Employee Comms

Cut the drivel - Plain English for Employee Communications


 — August 14th, 2018

Cut the drivel - Plain English for Employee Communications


That is not a word used too often, but it is a good one. According to the Encarta dictionary, it is ‘silly and irrelevant or inaccurate talk’.

The Plain English Campaign has a free tool called Drivel Defence. You can put your writing through the tool, and it will tell you if it is in ‘Plain English’ or not.

The story and activity behind the UK based Plain English Campaign is a good one. One woman in Liverpool (Chrissie Maher OBE) took it upon herself to change how company and public sector documents were written for ordinary people. She wanted to rid the world of jargon.

Why? Because bad writing confused people and made them feel stupid.

"Since 1979, we have been campaigning against gobbledygook, jargon and misleading public information" is their mantra.

And what has that to do with internal communications?

Plenty. Have a look at your intranet, for example. Look at some of those policies or updates from the IT Department, HR or Finance. Riveting stuff I bet. And people are expected to read and understand these as they read on a monitor. I won’t even mention trying to read it on a mobile device.

Do you understand?

See the word ‘understand’? That’s crucial. Putting content on your site or intranet usually means a box has been ticked, and a job done. But is that content going to be read and understood or even result in action being taken? If the language used for much of the content is, well, dull and uninspiring, what happens? Nothing. If people don’t read it in the first place, that’s a fail. If they do try to read it and can’t understand it, that’s also a fail.

How to lose hours in a day.

Sometimes people don’t read and understand the content they are meant to be viewing. If they are confused or unsure, they email, call or visit the relevant person in the office. If 20 people did this over the course of a day and spent say, 10 minutes doing it, then that adds up to a lot of wasted and unproductive time, over 3 hours. And what about the people or team such as HR, IT or customer services handling the query? Dealing with the same questions or explaining the same solution many times a day is such a waste of time for everyone. Never mind the cost to the organization.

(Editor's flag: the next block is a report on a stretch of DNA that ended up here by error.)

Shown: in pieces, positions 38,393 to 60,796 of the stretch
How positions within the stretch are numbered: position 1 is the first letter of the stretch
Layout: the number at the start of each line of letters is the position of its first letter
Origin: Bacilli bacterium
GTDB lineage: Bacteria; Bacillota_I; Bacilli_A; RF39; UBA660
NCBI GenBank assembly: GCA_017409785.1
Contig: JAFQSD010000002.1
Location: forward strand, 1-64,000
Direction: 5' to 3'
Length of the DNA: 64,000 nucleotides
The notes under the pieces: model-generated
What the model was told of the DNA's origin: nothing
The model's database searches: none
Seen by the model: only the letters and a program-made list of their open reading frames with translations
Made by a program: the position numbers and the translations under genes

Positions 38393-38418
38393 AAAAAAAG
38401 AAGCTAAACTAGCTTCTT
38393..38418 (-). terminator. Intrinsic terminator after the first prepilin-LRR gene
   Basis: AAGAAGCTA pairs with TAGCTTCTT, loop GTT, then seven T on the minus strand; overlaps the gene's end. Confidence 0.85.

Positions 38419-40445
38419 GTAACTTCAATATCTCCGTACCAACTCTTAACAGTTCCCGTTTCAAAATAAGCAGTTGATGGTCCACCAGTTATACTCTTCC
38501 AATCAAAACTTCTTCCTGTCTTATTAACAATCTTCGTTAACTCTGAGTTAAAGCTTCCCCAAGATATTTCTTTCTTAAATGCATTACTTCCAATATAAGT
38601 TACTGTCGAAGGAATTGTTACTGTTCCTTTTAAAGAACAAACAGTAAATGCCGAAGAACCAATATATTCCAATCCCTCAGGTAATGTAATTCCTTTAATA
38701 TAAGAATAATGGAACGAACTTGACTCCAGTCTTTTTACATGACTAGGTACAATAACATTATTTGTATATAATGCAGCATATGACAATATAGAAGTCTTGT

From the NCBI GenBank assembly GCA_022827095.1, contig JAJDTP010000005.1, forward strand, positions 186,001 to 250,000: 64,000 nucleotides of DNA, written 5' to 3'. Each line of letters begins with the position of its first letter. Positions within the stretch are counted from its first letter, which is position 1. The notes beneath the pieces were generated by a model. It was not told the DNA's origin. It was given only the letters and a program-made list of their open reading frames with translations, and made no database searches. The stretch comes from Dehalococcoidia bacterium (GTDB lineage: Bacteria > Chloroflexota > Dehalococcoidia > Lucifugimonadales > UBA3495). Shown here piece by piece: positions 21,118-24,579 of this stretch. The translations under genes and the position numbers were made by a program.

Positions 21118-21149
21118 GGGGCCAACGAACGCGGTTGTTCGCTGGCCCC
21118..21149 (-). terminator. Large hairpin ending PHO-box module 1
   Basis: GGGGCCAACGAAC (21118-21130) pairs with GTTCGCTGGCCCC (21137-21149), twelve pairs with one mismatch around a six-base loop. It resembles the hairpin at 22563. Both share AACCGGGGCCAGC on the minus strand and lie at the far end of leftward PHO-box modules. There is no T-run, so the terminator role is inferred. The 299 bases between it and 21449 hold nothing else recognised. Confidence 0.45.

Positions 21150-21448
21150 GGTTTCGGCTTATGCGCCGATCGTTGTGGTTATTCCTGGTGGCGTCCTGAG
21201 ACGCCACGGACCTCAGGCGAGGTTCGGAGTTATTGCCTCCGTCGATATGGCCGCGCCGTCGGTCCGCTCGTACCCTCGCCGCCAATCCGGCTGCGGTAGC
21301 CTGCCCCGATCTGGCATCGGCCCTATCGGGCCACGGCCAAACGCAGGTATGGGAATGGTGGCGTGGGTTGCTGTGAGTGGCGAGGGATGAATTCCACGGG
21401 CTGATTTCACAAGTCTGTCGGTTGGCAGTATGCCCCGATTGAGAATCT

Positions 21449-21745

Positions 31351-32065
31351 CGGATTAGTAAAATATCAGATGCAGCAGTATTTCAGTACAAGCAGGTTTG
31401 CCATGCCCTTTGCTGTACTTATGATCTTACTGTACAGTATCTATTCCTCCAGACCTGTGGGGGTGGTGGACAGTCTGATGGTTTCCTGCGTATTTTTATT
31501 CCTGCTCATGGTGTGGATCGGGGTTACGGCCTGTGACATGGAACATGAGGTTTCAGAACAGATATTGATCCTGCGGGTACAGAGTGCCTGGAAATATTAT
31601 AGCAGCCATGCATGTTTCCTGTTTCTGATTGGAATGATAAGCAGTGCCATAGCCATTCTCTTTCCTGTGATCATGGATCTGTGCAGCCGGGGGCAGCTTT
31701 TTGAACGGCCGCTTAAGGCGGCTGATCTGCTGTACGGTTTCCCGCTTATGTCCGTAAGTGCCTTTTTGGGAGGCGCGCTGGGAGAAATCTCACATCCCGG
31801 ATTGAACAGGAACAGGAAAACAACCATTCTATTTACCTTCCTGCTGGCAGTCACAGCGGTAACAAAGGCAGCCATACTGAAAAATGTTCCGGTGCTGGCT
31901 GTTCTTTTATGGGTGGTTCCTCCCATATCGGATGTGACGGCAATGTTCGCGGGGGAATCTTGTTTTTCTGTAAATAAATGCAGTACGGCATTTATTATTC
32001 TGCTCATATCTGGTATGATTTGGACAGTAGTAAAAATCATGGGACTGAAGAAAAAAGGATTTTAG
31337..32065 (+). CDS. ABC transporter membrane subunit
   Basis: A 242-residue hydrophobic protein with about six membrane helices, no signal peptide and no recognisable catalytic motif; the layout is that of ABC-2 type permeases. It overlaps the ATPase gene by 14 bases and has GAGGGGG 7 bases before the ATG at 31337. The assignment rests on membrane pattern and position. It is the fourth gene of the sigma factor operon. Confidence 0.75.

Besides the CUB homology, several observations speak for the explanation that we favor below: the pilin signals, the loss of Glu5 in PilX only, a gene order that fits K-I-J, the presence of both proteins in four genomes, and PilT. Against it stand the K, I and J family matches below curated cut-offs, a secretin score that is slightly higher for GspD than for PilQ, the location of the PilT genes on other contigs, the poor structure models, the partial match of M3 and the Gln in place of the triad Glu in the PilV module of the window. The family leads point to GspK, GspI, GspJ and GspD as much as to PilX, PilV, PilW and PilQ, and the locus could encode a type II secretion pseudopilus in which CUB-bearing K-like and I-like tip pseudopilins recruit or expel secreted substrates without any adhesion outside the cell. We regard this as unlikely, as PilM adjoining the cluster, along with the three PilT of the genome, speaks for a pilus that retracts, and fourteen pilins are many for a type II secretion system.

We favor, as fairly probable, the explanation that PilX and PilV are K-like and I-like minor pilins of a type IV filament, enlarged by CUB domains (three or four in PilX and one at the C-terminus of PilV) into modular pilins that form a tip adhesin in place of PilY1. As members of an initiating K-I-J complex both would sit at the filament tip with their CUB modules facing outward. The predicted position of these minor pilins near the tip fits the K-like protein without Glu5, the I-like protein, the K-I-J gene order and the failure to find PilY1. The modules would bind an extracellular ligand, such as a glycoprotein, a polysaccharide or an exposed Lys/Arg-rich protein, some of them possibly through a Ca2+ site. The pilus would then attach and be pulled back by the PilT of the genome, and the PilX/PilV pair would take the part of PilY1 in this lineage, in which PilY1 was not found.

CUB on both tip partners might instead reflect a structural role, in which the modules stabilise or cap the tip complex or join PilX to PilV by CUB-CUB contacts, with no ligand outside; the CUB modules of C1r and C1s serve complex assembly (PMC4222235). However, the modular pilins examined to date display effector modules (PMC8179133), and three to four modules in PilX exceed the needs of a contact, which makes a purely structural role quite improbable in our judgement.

If it had been written clearly and simply in the first place, then those queries could be avoided. Sure, it’s a simplistic example but it goes on all the time in many organizations.

How to be ‘drivel free.’

Back to ‘drivel’ and how to avoid it. The Plain English Campaign has many resources to help content producers to create readable and easy to understand content. But here’s a few quick tips to keep your content drivel free:

  1. Short sentences. But you can have a longish sentence if it makes sense to do so.
  2. Use short action words. Do, call, buy, enroll, make, return, choose, pick, etc.
  3. Write good headlines and subheadings that are clear and concise. And make people want to read on. You don’t have to clever. Just make it useful and relevant. “How to submit cash expense claims” for example.
  4. Use short paragraphs, bullet points, numbered items to break up the text.
  5. Limit or avoid jargon and an organization’s internal phrases.
  6. And use strong, clear and interesting subject lines for emails. That is so important for getting your content read.
  7. Don’t forget how it will be read on a computer monitor or mobile device. People SCAN on-screen text for keywords or phrases. Structure your content so that it can be read quickly. Perhaps have a summary of the key points at the top. Then give more detail.

Oh, there are lots more but try the Plain English Campaign’s site for more advice. They are pretty good at it. Think about the person who has to read and understand what you have written. Will they understand it? And if they won’t, re-write it. Again. Avoid drivel, it will be worth it. Of course, the principles of Plain English are relevant in any language, so please, cut out the jargon.

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